Alternatively, you may wish for your horse to be buried.  Burial is restricted by law, and permission can be difficult to obtain.  You should contact DEFRA in advance to ensure requirements are met.  In addition, the Environmental Health Department may also need to be contacted.

Financial information

Losing your horse is very difficult and we do what we can to make this time as easy as possible.  We recognise that receiving an invoice some time after the event may well stir up painful emotions and be very upsetting for you.  In light of this, you may prefer to settle your account either in advance, at the time of the booking; or you may choose to request an invoice is sent a few days after the visit, rather than the end of the month.  Some people even prefer to pay on the day. Whatever you feel works best for you, we will try to accommodate your request. Please be aware that disposal companies often require card payment at the time of collection or when booking.

Insurance details

If your horse is insured you should contact the insurer prior to euthanasia where possible. We appreciate in certain instances that this is not possible. If you are planning to claim for the death of a horse, you need to be aware that the reason for the horse's euthanasia must meet the BEVA guidelines for humane destruction
These guidelines state “that the insured horse sustains an injury or manifests an illness or disease that is so severe as to warrant immediate destruction to relieve incurable and excessive pain and that no other options of treatment are available to that horse at that time”. Your vet will be able to discuss this with you and advise you as to whether they are able to support and insurance claim in your situation.  If we do not feel these guidelines have been met then a claim may be submitted, but is unlikely to be unsuccessful.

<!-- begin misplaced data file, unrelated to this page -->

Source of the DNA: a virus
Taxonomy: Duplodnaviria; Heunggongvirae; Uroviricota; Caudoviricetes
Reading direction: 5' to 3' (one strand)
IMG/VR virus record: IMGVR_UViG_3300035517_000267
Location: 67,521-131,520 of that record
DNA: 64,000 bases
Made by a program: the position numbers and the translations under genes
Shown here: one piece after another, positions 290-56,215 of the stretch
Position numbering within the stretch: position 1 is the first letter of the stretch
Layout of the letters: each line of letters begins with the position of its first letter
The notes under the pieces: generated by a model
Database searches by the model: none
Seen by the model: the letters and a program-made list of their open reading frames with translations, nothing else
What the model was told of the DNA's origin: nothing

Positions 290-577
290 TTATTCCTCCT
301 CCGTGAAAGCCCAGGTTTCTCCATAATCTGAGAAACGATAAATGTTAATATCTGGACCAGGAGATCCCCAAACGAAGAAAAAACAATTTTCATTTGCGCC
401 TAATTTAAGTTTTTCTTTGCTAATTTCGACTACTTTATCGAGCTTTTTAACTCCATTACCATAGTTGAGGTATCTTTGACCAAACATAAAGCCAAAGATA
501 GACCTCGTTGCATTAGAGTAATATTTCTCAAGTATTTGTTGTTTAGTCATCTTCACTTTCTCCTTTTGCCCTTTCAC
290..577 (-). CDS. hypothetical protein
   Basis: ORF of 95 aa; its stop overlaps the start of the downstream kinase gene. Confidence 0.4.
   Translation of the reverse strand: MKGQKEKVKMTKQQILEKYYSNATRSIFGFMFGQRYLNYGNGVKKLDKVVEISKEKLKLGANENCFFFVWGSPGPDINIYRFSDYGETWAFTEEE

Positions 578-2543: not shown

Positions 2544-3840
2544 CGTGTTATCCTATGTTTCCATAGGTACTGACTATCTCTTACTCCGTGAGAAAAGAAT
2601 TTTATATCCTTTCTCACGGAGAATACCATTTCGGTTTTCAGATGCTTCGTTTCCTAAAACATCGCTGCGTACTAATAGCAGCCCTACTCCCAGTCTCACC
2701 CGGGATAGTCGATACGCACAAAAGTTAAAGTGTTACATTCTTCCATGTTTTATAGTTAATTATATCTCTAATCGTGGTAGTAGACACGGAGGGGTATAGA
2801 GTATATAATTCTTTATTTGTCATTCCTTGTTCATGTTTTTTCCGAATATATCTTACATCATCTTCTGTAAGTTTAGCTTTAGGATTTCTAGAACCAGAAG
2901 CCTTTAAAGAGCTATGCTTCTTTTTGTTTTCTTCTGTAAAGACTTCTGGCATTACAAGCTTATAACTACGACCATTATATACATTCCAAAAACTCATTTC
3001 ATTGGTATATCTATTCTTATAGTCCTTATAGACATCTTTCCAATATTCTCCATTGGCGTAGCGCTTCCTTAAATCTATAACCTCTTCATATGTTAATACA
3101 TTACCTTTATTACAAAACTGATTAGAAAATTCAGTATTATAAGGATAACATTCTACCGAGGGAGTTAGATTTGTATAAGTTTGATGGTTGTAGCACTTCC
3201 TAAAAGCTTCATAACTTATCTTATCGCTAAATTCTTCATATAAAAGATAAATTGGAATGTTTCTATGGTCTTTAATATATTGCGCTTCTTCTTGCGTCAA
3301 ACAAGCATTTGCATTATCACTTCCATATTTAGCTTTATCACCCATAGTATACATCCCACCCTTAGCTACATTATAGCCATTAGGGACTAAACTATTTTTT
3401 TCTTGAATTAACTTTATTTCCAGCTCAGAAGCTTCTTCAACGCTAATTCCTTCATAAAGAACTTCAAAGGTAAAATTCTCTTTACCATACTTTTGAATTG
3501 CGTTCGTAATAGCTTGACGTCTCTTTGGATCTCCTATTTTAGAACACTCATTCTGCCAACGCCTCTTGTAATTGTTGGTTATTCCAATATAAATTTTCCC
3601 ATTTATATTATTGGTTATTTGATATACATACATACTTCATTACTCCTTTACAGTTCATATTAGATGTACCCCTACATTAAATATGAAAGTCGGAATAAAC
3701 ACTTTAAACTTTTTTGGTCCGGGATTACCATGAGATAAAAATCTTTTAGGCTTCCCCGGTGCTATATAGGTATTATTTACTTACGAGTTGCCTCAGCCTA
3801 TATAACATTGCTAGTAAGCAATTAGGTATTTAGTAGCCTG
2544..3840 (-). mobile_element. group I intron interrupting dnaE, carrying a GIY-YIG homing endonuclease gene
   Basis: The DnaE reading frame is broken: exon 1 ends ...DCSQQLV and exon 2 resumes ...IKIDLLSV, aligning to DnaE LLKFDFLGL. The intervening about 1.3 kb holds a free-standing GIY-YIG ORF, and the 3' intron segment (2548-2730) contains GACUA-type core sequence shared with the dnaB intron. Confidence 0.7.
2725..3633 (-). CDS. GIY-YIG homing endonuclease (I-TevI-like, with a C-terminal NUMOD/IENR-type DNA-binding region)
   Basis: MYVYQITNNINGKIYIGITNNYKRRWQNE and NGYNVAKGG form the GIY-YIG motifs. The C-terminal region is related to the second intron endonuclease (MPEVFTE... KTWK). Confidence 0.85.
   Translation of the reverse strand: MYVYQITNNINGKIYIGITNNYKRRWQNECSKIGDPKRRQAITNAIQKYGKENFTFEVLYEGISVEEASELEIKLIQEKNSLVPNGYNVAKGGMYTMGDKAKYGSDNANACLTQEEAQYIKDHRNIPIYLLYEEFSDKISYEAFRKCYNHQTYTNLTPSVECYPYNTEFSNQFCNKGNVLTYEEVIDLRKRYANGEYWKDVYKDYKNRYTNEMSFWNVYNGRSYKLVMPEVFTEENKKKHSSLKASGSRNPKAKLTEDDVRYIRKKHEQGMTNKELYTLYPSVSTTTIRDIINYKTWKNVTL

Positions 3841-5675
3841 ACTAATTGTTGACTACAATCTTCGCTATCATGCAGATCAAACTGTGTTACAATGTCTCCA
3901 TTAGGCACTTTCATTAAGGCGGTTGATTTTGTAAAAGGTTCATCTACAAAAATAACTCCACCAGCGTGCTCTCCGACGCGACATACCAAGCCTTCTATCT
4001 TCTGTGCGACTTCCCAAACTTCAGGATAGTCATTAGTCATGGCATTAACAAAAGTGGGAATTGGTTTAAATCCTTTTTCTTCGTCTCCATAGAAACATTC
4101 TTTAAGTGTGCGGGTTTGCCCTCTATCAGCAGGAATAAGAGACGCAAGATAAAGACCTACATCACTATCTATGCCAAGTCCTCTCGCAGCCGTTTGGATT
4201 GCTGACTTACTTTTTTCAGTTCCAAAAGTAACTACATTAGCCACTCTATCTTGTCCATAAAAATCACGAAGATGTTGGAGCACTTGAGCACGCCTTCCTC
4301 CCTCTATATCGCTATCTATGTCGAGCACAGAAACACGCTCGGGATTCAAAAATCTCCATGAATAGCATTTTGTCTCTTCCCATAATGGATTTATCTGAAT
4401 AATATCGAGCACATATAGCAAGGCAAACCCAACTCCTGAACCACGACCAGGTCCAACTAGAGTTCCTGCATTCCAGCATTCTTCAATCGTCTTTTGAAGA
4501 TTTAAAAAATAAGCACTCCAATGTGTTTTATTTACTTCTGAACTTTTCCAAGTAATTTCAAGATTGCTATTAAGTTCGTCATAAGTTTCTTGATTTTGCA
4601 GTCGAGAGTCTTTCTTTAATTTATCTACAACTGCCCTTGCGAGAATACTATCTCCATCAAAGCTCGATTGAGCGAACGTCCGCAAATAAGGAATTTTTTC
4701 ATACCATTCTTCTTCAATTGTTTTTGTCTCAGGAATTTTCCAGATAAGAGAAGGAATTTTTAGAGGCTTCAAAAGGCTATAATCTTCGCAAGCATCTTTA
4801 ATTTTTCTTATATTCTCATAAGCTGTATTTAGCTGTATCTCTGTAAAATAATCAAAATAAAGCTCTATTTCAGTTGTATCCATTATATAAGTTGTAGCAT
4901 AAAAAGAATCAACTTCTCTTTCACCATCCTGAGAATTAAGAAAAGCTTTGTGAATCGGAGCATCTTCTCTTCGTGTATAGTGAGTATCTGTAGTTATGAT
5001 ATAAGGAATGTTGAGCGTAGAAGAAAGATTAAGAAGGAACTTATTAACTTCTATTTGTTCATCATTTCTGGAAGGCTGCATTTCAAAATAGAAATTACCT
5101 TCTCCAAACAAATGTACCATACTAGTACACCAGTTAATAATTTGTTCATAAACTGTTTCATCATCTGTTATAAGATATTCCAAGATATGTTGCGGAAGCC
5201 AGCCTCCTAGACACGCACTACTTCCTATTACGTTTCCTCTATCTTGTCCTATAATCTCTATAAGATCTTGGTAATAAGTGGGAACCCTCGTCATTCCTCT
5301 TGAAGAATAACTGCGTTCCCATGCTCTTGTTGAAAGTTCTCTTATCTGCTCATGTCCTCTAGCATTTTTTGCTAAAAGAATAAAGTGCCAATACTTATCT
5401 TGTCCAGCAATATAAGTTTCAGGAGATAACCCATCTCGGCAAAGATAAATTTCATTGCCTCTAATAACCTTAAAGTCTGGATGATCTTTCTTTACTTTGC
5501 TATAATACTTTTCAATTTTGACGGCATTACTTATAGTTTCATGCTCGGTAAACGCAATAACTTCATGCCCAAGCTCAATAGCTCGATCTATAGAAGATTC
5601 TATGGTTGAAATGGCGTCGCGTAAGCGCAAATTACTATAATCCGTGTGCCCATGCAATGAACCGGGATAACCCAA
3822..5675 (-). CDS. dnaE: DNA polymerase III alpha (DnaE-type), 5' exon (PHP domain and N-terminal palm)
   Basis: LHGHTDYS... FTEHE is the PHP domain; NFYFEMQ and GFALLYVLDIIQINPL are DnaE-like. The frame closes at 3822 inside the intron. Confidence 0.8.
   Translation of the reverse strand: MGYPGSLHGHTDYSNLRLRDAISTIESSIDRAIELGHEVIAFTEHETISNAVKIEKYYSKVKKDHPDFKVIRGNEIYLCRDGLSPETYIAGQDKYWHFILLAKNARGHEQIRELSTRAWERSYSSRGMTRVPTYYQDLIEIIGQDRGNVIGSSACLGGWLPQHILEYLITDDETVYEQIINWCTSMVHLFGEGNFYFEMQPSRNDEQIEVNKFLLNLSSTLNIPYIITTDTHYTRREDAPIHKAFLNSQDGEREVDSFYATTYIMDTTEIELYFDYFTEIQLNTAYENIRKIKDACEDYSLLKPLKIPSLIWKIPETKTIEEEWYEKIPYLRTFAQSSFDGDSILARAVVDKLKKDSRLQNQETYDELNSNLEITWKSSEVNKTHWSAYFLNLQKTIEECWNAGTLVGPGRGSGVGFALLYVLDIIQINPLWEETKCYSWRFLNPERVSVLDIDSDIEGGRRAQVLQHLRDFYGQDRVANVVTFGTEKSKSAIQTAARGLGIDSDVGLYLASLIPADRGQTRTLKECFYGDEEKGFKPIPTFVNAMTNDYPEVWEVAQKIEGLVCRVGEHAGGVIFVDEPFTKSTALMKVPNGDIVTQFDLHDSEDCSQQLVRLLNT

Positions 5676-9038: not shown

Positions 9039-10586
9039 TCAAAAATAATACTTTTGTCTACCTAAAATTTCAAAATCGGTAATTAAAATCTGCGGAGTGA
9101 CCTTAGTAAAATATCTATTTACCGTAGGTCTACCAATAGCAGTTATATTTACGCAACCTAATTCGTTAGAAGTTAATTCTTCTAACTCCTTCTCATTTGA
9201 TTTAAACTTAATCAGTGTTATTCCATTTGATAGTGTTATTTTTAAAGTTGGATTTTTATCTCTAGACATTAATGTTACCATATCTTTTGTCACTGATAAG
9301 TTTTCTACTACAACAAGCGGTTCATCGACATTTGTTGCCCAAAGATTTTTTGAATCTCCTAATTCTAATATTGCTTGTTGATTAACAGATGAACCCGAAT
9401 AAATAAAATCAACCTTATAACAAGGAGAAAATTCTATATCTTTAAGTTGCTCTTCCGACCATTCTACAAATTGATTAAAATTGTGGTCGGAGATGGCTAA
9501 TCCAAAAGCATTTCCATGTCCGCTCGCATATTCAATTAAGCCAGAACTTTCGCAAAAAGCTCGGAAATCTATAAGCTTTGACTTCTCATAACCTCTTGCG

Secondly, insurers require a post-mortem examination for all horses that are subject to an insurance claim for death, unless the reason for euthanasia is so obvious it is beyond dispute, e.g. open fracture. We will advise you about post-mortem examinations when you sign the consent form, and you may decline the examination. You should be aware that if you do decline a post-mortem examination and proceed to submit an insurance claim for death, your claim may be rejected.

Support with bereavement

As animal owners ourselves we know how difficult this time can be and so are always available to discuss your individual concerns and needs. We encourage you to have a friend on hand to give you support on the day. Sometimes, however, you may feel you wish to talk to someone impartial and experienced about the grief of losing your horse. There are several organisations which provide specialist support, including The Blue Cross.  

Our Location

Lingfield Equine Vets is situated in the beautiful Surrey Hills area. We are located just north of Felbridge on the A22 with easy access for all equine transport vehicles.

Contact Us Today
Lingfield Equine Vets
Chester Lodge, Woodcock Hill,
Felbridge, Surrey,
RH19 2RD
(01342) 300008